What does Proverbs 7:19 mean?
ESV: For my husband is not at home; he has gone on a long journey;
NIV: My husband is not at home; he has gone on a long journey.
NASB: For my husband is not at home; He has gone on a long journey.
CSB: My husband isn't home; he went on a long journey.
NLT: for my husband is not home. He’s away on a long trip.
KJV: For the goodman is not at home, he is gone a long journey:
NKJV: For my husband is not at home; He has gone on a long journey;
Verse Commentary:
As part of seducing a foolish young man (Proverbs 7:6–18), the adulteress tries to alleviate fears he might have about entering an illicit affair with her. She assures him that her husband is on a long journey far from home. She is not only willing to betray her husband, but also eager to do so. Her religious observances at the temple (Proverbs 7:14) were meaningless. She willfully scorned God's commandment, "You shall not commit adultery" (Exodus 20:14).

Her rush to commit adultery resembles the action of Potiphar's wife to entice Joseph into an adulterous affair (Genesis 39). However, it seems the adulterous woman of Proverbs 7 was more culpable than Potiphar's wife. Potiphar's wife did not have the law God later gave to Israel. Most people today will never be solicited by a literal prostitute, but the appeal to the lust of the flesh abounds through TV, movies, and the Internet. The apostle John reminds us that the unregenerate world with its lusts is passing away, but whoever does God's will abides forever (1 John 2:16–17). Succumbing to lust may lead to fleeting pleasure, but obeying God leads to eternal reward.
Verse Context:
Proverbs 7:10–23 describes an adulteress as aggressive and seductive. Though speaking to his son, Solomon's lessons here are meant for all people. This passage is part of Solomon's teaching about the dangers of sin and temptation. The prior passage spoke of a reckless youth (Proverbs 7:6–9), who now suffers the consequences of his own choices. The woman in this story takes advantage of the young man's lust and carelessness. Solomon compares the trap she springs to those used to capture ox, a deer, and a bird.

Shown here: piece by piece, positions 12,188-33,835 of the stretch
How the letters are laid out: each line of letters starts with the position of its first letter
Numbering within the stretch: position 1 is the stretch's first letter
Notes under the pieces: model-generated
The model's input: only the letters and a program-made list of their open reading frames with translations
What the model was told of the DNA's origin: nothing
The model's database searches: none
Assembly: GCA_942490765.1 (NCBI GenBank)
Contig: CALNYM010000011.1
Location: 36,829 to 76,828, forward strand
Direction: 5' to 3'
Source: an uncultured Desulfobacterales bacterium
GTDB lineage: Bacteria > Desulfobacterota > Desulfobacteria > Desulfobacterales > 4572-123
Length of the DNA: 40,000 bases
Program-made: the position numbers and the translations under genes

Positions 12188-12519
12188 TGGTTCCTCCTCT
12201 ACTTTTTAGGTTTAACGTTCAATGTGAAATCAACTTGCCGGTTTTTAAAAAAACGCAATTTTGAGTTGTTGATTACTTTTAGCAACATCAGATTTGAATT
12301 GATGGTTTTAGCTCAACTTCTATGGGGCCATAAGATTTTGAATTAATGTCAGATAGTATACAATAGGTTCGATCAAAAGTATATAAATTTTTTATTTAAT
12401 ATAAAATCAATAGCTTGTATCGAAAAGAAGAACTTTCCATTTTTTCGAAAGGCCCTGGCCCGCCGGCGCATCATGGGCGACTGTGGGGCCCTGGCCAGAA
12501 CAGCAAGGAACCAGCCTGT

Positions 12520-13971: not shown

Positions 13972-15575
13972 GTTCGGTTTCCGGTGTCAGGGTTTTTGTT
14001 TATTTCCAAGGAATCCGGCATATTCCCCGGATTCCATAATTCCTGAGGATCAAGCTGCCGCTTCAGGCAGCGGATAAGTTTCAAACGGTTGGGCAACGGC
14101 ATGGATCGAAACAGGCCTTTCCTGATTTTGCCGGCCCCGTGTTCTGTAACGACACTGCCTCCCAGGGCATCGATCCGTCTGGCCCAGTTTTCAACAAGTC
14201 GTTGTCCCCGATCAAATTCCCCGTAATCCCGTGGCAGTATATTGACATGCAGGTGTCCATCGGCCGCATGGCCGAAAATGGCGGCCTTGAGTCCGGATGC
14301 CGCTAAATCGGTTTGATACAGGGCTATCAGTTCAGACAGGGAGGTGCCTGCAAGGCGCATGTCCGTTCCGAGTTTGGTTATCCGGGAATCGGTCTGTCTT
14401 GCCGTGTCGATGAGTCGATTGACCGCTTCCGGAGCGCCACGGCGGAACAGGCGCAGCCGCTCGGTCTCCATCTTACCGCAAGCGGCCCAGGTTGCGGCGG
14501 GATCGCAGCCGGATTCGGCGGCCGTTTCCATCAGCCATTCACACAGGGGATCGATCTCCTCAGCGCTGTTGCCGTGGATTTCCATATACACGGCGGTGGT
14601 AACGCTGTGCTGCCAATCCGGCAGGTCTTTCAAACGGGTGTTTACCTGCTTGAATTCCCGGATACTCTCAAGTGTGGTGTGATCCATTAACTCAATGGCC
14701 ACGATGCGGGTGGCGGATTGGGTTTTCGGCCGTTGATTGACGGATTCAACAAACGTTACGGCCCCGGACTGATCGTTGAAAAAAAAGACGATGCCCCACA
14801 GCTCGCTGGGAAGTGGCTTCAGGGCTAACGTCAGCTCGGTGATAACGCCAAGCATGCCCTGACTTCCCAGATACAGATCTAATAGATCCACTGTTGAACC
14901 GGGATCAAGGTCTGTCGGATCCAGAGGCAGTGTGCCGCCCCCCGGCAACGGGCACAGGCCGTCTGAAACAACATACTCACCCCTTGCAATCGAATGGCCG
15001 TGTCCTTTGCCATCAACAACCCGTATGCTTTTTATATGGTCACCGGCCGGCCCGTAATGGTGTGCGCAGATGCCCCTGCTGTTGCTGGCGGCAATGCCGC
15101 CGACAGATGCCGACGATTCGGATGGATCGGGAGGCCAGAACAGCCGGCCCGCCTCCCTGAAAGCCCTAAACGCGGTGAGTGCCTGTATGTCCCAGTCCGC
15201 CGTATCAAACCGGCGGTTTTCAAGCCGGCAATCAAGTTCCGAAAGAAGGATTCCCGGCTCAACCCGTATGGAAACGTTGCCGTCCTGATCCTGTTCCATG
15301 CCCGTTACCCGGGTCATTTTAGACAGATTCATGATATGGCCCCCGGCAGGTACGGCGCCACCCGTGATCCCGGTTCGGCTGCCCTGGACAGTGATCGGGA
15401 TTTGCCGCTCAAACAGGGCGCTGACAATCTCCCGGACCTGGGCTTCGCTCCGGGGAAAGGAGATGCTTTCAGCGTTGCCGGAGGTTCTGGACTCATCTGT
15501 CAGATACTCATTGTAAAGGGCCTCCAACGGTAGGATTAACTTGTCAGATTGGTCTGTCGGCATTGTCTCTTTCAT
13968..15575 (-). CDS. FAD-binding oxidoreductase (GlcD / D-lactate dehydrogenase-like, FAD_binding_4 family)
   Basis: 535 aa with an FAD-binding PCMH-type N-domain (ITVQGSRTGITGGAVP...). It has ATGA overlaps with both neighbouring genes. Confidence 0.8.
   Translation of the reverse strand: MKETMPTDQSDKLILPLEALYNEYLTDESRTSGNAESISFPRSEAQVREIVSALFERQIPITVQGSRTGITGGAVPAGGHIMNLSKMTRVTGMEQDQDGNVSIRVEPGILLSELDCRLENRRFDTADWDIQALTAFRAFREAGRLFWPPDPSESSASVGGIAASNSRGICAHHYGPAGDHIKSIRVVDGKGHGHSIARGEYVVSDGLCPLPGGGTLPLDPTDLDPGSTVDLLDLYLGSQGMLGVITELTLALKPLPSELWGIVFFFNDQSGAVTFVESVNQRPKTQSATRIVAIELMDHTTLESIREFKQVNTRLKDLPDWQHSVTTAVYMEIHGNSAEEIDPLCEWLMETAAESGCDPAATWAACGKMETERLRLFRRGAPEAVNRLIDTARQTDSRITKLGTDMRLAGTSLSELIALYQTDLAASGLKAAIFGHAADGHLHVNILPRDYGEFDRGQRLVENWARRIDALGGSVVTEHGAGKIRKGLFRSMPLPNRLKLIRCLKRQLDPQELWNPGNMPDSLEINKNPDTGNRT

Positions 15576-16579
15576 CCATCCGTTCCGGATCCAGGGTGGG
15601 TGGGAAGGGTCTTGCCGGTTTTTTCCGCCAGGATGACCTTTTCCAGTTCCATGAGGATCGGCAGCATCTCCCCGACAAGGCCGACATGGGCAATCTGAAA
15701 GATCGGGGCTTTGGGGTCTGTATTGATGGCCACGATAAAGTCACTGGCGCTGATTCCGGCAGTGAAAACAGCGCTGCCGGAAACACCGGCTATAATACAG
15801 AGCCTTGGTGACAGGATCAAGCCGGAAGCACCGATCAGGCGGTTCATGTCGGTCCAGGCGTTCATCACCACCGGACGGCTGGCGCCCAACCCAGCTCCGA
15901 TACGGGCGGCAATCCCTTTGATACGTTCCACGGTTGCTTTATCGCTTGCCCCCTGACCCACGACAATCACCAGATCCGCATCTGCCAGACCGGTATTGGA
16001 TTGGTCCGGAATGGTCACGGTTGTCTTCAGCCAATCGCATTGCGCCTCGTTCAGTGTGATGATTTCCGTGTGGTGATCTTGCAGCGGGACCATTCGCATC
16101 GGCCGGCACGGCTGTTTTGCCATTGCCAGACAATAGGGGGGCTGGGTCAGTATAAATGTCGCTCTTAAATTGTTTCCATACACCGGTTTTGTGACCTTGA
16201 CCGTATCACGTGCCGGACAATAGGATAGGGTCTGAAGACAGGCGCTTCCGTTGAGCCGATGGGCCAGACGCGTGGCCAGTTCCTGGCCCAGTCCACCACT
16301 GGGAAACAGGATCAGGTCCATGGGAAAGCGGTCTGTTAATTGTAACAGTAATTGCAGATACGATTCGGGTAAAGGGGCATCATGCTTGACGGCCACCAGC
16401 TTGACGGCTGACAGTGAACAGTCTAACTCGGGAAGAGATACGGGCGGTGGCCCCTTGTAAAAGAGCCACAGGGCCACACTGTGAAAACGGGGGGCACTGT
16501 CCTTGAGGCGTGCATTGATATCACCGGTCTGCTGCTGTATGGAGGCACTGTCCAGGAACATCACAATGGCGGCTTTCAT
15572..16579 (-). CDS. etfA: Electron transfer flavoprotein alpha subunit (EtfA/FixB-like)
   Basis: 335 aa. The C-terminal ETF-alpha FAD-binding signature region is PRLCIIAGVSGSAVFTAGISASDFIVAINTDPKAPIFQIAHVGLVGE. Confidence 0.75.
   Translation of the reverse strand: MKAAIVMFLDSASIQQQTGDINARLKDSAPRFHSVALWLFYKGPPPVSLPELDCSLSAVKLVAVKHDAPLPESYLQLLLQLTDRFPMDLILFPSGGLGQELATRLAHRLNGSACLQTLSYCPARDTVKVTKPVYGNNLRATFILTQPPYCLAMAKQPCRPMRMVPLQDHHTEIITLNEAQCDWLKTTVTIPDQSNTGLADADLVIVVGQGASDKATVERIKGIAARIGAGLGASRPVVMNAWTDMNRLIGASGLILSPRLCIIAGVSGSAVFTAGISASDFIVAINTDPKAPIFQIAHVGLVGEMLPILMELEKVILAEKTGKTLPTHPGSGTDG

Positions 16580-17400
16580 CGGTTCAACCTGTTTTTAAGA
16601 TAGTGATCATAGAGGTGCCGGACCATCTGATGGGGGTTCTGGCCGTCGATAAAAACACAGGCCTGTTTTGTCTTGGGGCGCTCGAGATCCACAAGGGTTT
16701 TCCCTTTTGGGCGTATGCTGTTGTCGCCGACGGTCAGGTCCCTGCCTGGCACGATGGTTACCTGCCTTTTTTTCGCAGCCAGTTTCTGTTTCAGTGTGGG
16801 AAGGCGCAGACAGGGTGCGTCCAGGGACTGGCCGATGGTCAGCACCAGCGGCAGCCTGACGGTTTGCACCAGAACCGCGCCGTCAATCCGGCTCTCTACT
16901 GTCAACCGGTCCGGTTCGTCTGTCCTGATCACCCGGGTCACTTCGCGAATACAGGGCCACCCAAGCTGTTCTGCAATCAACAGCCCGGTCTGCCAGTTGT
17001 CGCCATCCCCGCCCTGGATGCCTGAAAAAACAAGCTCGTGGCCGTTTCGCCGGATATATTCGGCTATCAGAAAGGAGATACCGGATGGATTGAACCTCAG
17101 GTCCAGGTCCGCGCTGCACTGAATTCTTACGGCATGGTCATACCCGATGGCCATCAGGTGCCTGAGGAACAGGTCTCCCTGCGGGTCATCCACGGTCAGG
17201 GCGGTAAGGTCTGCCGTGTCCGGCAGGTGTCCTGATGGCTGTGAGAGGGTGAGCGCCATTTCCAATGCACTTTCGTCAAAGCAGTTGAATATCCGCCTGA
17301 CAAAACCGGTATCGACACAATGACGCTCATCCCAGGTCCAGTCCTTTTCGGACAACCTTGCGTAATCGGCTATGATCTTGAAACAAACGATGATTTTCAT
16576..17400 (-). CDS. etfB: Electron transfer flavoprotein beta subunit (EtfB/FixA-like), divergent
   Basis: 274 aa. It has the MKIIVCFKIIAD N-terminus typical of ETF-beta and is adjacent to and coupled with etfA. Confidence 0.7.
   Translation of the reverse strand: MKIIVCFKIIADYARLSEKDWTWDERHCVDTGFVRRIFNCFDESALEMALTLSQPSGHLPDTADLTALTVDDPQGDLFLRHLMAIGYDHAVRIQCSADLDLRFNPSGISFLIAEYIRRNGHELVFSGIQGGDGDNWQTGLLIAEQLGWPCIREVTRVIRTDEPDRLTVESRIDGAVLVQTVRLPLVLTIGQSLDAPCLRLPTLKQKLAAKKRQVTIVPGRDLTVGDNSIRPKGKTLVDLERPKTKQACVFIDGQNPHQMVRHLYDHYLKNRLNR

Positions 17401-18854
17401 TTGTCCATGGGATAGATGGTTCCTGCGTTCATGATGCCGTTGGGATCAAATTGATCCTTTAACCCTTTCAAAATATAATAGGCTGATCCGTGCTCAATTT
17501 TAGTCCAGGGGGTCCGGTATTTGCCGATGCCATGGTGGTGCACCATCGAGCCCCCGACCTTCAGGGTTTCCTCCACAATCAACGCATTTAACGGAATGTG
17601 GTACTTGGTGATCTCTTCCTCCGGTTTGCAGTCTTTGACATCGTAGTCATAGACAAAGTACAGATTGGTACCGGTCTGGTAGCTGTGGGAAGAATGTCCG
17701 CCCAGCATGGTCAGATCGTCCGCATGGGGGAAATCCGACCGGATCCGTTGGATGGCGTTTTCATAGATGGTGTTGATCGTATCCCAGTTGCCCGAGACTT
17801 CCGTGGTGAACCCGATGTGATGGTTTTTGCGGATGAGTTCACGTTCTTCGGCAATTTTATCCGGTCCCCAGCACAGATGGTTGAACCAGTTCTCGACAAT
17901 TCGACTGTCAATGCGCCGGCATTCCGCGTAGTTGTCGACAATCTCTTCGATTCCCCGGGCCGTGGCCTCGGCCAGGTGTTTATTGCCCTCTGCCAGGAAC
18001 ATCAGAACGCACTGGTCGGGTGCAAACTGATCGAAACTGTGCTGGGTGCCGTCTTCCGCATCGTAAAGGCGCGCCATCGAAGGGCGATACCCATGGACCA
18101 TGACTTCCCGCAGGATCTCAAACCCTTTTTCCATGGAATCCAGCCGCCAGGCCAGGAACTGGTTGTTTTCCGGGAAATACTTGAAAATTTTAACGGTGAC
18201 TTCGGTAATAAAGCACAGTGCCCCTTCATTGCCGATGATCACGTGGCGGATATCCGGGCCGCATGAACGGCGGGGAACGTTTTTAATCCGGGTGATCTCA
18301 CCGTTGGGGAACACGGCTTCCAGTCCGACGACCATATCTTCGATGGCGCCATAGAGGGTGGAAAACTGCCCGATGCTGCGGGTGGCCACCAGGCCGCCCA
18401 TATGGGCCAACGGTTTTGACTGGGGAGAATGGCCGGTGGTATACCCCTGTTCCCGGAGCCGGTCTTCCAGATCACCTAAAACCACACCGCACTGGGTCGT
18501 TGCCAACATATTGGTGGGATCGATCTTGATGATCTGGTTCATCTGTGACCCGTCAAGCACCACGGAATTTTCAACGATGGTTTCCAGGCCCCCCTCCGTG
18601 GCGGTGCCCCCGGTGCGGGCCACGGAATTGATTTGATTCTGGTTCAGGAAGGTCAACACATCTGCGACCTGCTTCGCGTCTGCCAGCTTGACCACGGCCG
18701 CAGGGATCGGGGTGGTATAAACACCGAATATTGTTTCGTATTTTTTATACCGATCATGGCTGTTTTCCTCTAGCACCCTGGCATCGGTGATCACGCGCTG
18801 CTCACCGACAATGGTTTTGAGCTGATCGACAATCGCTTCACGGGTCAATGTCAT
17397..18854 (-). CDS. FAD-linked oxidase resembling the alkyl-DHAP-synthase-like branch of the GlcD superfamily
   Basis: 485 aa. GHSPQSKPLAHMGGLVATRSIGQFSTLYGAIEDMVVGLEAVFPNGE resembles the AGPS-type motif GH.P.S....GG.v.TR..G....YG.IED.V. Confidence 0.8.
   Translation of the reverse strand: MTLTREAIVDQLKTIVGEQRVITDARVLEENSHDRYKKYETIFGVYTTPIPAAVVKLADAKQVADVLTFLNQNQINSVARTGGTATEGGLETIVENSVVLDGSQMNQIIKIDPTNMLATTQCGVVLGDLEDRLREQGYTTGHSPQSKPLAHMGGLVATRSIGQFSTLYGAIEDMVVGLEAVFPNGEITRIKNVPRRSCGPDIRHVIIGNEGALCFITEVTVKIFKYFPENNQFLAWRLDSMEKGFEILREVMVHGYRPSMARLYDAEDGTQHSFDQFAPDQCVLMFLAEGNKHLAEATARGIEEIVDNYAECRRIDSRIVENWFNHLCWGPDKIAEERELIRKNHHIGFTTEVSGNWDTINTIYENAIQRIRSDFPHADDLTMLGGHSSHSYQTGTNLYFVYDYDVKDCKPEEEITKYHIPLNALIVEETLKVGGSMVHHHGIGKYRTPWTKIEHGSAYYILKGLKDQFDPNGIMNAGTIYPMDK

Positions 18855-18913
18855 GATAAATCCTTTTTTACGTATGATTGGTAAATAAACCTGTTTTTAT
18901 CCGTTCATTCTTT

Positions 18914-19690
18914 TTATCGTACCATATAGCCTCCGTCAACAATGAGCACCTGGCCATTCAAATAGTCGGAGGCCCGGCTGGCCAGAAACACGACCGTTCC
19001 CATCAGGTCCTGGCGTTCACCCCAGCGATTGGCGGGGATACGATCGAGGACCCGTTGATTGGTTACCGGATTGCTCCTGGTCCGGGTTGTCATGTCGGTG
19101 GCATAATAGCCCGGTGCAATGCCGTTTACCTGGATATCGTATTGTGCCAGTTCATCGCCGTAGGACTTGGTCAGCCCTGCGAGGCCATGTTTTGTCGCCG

Chapter Summary:
Repeating a theme common to the early chapters of Proverbs, Solomon once again presents a dire warning about the dangers of adultery. This comes in the form of a story about a foolish young man being seduced by a predatory woman. Solomon says this is something he has seen—meaning this is likely a summary of many such examples he has witnessed in his life. The result of these reckless sins is misery and death, for both men and women alike.
Chapter Context:
In Proverbs 5 and 6 Solomon warns his son against adultery. He describes the evil woman, the adulteress, as deceptive and dangerous. While this is valid in a literal sense, it also serves as a general warning about the seductive nature of sin. In this chapter he continues his counsel about adultery, stressing the tactics used in temptation and how falling to them leads to death. The following chapter will return to the personification of wisdom as a woman, begging to be honored.
Book Summary:
Proverbs is best understood in context with the books of Ecclesiastes and Job. In Proverbs, “wisdom” is given in short, simple, general terms. Ecclesiastes represents wisdom based on observation and experience. This often shows how the general principles of the book of Proverbs don’t apply in absolutely every circumstance. Job represents wisdom based on the experience of suffering and injustice. All three come to the conclusion that God does indeed know best, and the most sensible course of action is to follow His will.
Accessed 5/24/2024 9:16:04 PM
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